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12/07/2015

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Blurb seems to suggest that he defends the compatibility of God's foreknowledge and human libertarian free action. A friend sent me this:

"Actually, the blurb on the OUP site is misleading, and there's a huge glitch in the second paragraph, cutting out 67 words. Here's the whole thing from the Amazon site, and I think the second paragraph makes clear that he continues to believe that infallible foreknowledge precludes freedom to do otherwise (while not precluding moral responsibility). It's just his semicompatibilism.

Our Fate is a collection of John Martin Fischer's previously published articles on the relationship between God's foreknowledge and human freedom. The book contains a new introductory essay that places all of the chapters in the book into a cohesive framework. The introductory essay also provides some new views about the issues treated in the book, including a bold and original account of God's foreknowledge of free actions in a causally indeterministic world. The focus of the book is a powerful traditional argument for the incompatibility of God's foreknowledge and human freedom to do otherwise. Fischer presents this argument (in various forms) and defends it against some of the most salient criticisms, especially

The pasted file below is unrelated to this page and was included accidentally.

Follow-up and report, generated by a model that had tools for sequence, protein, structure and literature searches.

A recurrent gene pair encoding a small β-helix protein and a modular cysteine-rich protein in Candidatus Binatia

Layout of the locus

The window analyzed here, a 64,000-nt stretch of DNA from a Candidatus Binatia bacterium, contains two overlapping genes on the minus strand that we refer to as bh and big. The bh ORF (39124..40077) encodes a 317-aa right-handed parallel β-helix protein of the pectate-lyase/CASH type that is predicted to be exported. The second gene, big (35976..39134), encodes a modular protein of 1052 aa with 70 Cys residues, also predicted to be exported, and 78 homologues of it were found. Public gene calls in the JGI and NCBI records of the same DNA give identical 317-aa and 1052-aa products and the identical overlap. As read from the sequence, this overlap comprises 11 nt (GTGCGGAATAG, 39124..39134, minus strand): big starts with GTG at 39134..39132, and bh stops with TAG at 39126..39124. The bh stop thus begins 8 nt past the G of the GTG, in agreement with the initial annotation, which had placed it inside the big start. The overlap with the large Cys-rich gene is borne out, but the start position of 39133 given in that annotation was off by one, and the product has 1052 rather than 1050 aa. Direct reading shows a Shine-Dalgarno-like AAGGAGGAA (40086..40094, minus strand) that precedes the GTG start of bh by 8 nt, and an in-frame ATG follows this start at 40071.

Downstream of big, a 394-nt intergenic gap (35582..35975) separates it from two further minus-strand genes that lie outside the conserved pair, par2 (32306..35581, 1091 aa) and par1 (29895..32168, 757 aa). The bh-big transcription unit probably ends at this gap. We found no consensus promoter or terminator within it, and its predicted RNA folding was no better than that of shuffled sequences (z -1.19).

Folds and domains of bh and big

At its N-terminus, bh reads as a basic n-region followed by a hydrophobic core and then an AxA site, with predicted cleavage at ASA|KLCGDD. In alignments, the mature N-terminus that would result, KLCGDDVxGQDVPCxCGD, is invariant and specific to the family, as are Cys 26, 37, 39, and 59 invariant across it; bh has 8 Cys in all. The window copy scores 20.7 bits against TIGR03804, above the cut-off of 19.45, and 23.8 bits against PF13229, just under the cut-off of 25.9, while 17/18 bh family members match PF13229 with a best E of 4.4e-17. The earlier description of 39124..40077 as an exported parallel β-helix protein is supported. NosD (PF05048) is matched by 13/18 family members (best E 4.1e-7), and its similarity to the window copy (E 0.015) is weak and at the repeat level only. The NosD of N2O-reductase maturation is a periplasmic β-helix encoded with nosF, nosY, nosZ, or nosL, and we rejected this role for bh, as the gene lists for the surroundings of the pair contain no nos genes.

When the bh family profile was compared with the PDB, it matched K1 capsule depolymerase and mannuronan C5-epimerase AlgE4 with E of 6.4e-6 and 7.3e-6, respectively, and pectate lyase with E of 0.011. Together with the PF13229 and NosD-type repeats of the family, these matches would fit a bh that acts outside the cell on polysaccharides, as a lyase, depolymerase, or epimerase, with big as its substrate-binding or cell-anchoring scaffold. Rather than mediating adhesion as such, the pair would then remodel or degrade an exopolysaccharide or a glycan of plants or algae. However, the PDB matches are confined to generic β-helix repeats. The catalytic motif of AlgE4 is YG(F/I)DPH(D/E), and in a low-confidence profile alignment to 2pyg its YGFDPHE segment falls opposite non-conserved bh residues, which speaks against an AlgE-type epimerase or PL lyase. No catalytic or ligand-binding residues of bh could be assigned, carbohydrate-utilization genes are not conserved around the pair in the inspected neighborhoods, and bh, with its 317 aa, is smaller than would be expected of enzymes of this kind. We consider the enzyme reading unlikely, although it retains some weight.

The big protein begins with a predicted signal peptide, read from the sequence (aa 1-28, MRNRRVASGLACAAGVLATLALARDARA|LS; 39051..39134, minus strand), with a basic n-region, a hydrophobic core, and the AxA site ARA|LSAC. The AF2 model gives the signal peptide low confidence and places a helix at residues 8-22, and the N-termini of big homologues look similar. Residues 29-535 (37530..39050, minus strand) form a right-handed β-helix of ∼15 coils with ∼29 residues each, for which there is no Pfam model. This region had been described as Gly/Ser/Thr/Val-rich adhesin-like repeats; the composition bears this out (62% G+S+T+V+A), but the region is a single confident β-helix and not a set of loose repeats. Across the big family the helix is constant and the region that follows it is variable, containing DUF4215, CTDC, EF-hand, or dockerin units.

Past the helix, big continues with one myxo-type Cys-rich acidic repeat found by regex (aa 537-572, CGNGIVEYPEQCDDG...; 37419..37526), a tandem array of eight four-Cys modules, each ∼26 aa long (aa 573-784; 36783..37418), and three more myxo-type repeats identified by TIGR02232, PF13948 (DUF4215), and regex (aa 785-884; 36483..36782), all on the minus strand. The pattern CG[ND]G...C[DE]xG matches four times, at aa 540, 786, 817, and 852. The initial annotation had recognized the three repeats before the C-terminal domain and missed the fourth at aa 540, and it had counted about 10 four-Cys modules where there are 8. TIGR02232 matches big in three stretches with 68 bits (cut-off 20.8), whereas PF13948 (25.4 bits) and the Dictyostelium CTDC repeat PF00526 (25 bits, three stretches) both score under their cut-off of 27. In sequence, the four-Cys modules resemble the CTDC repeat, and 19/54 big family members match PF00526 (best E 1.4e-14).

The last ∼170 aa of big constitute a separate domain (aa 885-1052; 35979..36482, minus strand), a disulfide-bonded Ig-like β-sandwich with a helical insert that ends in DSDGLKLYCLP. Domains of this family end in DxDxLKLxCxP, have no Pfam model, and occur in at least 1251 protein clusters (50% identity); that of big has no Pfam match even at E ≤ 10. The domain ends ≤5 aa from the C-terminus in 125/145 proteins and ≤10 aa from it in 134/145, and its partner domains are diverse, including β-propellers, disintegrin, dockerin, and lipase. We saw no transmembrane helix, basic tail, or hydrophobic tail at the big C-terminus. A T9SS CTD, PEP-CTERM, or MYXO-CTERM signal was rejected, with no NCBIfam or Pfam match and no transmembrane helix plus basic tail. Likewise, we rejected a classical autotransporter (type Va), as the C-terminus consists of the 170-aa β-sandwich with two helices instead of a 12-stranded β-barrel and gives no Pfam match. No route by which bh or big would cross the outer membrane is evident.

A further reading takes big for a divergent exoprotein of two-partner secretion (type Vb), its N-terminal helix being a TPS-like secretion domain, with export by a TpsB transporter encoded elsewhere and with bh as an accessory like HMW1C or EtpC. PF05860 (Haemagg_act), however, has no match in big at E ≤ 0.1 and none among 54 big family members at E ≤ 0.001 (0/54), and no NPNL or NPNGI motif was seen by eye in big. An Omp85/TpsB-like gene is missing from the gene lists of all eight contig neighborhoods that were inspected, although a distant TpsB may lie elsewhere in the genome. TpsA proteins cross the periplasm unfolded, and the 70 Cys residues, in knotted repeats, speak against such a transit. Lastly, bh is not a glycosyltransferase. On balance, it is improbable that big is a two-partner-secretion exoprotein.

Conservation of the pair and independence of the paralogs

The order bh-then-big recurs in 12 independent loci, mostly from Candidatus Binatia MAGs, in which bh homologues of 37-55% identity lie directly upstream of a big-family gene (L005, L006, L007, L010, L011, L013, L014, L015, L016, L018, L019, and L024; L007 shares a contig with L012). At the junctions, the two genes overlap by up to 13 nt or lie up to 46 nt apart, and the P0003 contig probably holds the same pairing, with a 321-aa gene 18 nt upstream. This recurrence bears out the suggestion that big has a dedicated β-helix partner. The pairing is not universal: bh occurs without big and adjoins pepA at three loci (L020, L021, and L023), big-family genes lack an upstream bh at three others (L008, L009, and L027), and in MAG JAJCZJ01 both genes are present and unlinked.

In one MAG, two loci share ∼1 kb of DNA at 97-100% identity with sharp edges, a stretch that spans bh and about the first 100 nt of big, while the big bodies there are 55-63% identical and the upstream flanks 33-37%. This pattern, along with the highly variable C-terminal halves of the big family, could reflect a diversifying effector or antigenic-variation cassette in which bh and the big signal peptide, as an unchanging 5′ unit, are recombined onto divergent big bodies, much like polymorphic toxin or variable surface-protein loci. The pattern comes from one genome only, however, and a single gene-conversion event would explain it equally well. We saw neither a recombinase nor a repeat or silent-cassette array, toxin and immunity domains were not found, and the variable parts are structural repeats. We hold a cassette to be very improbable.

Ockhamist.

The incompatibilist's argument is driven by the fixity of the past, and, in particular, the fixity of God's prior beliefs about our current behavior. The author gives special attention to Ockhamism, which contends that God's prior beliefs are not "over-and-done-with" in the past, and are thus not subject to the intuitive idea of the fixity of the past. In the end, Fischer defends the argument for the incompatibility of God's foreknowledge and human freedom to do otherwise, but he further argues that this incompatibility need not entail the incompatibility of God's foreknowledge and human moral responsibility. Thus, through this collection of essays, Fischer develops a "semicompatibilist" view--the belief that God's foreknowledge is entirely compatible with human moral responsibility, even if God's foreknowledge rules out freedom to do otherwise"

Thanks very much for your interest, and for helpful clarification. I have asked OUP to make the change.

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